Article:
only 0.2%, whereas the cantons bear 38.8% and the communes 61.1%.2 With respect to the communes, they mostly finance primary schools. In general, in all 26 Swiss cantons, two types of advanced education can be distinguished: basic education and education to meet advanced requirements (e.g. university preparation). Usually, the second type can only be entered on a selective basis, either through passing an entry examination or having obtained a certain average grade in the prior school year. However, as public education is in the authority of cantons, virtually 26 different school systems coexist within Switzerland, differing in their financial structure, organization and school curricula (Freitag & Bühlmann, 2003; Meunier,2004). For example, in some cantons secondary I education commences after completion of the sixth year of schooling, while in others it starts after the forth or fifth year. However, in all cantons compulsory education, that includes primary and secondary I education, finishes with the ninth grade, excluding secondary II education. This distinction is important as the dataset which is employed in this study is based on student performance of ninth graders, at the end of compulsory education.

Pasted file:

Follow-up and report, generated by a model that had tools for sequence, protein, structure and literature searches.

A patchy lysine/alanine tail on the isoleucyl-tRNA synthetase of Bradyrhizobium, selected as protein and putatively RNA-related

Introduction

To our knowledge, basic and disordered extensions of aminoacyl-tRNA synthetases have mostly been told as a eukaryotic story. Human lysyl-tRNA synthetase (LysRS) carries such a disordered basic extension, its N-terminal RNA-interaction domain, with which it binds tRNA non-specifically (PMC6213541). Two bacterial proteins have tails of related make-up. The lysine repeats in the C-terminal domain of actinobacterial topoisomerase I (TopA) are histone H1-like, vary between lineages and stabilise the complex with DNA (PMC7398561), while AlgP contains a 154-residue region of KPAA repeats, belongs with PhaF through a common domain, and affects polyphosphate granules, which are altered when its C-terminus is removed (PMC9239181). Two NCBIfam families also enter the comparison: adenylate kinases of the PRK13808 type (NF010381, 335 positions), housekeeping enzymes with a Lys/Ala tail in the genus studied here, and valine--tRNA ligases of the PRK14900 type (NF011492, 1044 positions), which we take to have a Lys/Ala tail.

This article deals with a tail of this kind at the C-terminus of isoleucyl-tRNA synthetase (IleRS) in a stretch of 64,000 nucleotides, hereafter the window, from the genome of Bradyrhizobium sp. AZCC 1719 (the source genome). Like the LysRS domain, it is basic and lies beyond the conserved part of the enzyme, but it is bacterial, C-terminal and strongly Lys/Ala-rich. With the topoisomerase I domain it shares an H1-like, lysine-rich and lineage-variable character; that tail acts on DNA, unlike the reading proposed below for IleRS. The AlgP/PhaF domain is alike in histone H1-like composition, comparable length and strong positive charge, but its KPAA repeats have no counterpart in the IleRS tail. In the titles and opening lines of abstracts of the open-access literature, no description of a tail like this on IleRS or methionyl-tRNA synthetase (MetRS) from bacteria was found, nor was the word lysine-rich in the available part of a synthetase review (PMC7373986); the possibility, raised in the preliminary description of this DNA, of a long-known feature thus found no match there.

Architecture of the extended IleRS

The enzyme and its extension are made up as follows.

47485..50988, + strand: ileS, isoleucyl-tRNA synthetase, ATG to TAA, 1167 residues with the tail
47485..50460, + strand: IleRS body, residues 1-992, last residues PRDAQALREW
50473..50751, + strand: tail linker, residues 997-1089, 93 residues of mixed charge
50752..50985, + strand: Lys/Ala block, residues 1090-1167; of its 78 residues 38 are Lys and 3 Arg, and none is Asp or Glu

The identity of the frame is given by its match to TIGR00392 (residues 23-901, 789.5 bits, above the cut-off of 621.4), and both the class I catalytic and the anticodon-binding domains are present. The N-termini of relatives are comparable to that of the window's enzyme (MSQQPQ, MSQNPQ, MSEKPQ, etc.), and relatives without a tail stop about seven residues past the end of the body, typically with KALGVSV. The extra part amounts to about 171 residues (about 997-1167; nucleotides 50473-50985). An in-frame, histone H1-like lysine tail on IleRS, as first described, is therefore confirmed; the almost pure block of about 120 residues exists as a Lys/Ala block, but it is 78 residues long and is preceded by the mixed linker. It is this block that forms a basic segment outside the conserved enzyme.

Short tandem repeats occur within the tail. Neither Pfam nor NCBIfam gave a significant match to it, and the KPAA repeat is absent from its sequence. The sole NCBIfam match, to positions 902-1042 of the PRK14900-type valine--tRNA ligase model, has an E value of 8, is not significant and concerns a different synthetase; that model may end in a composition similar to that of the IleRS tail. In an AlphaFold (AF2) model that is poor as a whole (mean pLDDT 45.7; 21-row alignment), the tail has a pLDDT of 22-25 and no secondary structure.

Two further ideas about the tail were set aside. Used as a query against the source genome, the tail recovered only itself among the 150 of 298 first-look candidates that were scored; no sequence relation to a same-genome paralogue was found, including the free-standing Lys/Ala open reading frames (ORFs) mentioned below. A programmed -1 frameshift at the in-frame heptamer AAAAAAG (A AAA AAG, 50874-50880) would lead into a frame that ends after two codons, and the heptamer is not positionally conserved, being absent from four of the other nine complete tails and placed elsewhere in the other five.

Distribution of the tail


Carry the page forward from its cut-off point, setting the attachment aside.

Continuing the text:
At the time of the study, there was a vast heterogeneity across cantons in the organization
of teacher education.3 Training of primary and secondary I teachers took place at over 150
cantonal teacher seminaries, and the regional validity of the earned teacher certificate
impeded mobility of teaching personnel across Swiss cantons. In Switzerland, the duration of teacher training in these teacher seminaries varied regionally between one and four years. In contrast, teachers for secondary II schools were educated at universities, where an at least four-year lasting study led to a subject-specific master’s degree, e.g. a M.Sc. in Biology (supplemented by pedagogical courses). Whereas admission to university required a secondary II degree obtained after twelve to thirteen years of schooling, a primary or
secondary I teacher in spe started her training after completion of compulsory education,
namely after just nine years of schooling. Overall, the educational gap between these two
types of teachers in Switzerland amounted to approximately four to five years of education.
And even qualitatively, those who qualified for university studies had passed at least two
selection processes during schooling, in contrast to those attending teacher seminaries (see